[Bug 24114] New: [imports]: add support for async loading


            Bug ID: 24114
           Summary: [imports]: add support for async loading
           Product: WebAppsWG
           Version: unspecified
          Hardware: PC
                OS: All
            Status: NEW
          Severity: normal
          Priority: P2
         Component: Component Model
          Assignee: dglazkov@chromium.org
          Reporter: bmcquade@google.com
        QA Contact: public-webapps-bugzilla@w3.org
                CC: esprehn@gmail.com, mike@w3.org, morrita@google.com,
            Blocks: 20683

Resources imported via <link rel=import> are not parser blocking, but are
typically render blocking. Render blocking but not parser blocking is the right
default behavior, as the primary use case for <link rel=import> is to load
content (e.g. custom elements) needed to render that document.

However, a web developer may wish to load an import without blocking rendering.
Use cases:
* developer wishes to prefetch a custom element that is not needed to render
the initial view, but which will be needed once the user interacts with the web
app. developer would like the resource to be loaded and processed once it is
available, but does not want rendering of the page to block on the load of that
* developer uses a web component that can be sufficiently styled before being
upgraded using :unresolved, and thus it is not necessary to block rendering on
that component. This only works well for components whose size is known before
their custom element has finished loading; else a reflow happens when the
component loads and the element changes size.

In these cases, it is preferable that the user of the page not have to wait for
the import to finish downloading before they are able to see the other content
in the web app display on the screen. However, it is desirable that once the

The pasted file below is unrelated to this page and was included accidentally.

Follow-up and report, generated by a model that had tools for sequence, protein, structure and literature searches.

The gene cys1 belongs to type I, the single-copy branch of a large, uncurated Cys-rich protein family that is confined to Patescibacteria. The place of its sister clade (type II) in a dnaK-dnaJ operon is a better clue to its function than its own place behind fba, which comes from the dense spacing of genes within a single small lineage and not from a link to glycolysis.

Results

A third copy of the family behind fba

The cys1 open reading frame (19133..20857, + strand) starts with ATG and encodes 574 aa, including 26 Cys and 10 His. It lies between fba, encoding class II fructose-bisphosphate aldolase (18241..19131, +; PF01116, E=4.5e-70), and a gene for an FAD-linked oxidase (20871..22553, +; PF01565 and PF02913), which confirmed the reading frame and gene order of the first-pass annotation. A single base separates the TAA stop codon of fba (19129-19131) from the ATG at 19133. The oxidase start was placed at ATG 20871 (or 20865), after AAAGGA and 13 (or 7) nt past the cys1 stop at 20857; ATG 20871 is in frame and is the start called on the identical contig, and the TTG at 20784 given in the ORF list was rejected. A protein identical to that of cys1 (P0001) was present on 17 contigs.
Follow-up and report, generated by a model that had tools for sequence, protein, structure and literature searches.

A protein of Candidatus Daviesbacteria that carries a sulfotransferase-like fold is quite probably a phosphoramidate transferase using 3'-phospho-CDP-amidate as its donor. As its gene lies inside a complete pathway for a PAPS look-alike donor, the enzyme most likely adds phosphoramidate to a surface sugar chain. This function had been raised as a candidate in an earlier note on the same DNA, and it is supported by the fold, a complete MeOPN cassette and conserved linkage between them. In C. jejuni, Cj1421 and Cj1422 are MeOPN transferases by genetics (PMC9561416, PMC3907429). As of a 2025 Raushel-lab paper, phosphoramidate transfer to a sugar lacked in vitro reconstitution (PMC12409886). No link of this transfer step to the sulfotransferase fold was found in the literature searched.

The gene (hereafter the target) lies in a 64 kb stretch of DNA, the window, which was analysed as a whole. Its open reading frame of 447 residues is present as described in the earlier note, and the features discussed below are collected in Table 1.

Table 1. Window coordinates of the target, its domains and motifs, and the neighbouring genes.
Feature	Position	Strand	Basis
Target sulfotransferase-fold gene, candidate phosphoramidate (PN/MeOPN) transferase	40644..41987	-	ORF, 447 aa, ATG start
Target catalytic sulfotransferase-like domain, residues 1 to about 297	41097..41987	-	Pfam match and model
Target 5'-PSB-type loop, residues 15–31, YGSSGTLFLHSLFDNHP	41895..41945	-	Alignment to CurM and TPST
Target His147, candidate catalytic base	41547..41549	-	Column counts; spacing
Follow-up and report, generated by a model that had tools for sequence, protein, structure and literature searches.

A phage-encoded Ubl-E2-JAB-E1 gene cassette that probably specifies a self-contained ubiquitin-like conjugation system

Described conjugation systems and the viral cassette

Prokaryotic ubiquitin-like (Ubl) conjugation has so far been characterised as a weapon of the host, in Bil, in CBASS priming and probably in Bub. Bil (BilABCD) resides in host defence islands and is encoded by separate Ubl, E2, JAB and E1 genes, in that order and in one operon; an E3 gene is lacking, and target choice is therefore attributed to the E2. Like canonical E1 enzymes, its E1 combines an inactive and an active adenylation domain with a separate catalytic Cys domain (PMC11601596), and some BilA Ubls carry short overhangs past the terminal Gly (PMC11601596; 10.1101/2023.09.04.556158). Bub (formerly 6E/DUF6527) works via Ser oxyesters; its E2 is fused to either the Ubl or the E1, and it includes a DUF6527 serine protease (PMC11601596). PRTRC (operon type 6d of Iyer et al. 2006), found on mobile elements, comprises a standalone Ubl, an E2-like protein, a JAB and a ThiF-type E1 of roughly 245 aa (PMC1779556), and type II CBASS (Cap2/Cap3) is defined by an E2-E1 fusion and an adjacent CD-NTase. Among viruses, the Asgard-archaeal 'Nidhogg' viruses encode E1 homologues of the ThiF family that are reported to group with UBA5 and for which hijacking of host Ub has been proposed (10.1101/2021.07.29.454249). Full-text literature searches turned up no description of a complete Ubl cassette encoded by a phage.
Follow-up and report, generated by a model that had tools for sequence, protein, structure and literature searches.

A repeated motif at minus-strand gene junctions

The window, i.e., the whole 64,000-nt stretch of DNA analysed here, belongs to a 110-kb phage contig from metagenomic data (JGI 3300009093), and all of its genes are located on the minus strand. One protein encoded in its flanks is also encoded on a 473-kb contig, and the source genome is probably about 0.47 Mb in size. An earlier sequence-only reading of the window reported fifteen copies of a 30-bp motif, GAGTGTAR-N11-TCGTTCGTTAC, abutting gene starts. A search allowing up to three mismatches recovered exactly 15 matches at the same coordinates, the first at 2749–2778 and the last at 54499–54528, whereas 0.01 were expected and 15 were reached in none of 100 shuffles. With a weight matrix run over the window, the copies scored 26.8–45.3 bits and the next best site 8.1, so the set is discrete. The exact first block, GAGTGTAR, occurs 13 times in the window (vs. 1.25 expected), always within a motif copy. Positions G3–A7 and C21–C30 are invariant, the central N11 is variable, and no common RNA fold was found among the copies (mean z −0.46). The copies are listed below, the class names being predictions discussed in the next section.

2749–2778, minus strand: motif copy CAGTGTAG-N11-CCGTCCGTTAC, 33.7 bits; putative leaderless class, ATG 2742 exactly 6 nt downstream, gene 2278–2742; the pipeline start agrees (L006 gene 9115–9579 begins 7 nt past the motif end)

import finishes downloading, that import should be processed and loaded into
the document (i.e. this isn't just a prefetch of content into the browser
cache), so it is fully loaded and available by the time the web app needs it
(thus it's also important that these elements fire a load event so developers
know when they are available for use).

Thus, we propose that, like <script async>, we add support for <link rel=import
async> to address this use case. At a high level, developers should think of
these similarly: "I want to load this script/import but I don't want its load
to block the rest of the content on the page from rendering."

There is a key difference between <script async> and <link async>: <script
async> indicates that the script should not block the parser. <link rel=import>
is already spec'd to not block the parser by default, async or not. However,
since imports are intended to block rendering by default, <link async
rel=import> indicates that the browser should not block rendering on the load
of the imported resource.

I am not aware of render-blocking behavior being spec'd as part of HTML5, and
this is probably for good reason: it is up to each user agent (browser) to
decide when and what to paint during the course of a web page load. However, in
practice, all browsers I'm aware of block rendering on the load of pending
stylesheets, and similarly, will block rendering on the load of pending
imports. Thus, <link async> is an indicator to the user agent that the load of
the imported resource should not block rendering.

In a conversation with dglazkov and esprehn, we proposed that <link async>
apply not only to imports, but also to stylesheets. The spec'd behavior should
be the same in each case: an import or stylesheet with an async attribute
should not block rendering of the page.

Whether to spec this as "should not" or "must not" block rendering is unclear:
at first glance, "should not" seems appropriate. However, if spec'd as "should
not" and one UA decides not to implement this behavior (they allow async
imports to block rendering) then developers will likely abandon this technique
and resort to JavaScript workaround that don't work particularly well (i.e.
loading the import after a requestAnimationFrame callback, which has various
drawbacks). Thus, in order to provide a way to load stylesheets and imports
without blocking render that is guaranteed to work across browser vendors, my
inclination would be to spec this behavior as "must not block rendering while
being loaded".

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Received on Monday, 16 December 2013 15:33:38 UTC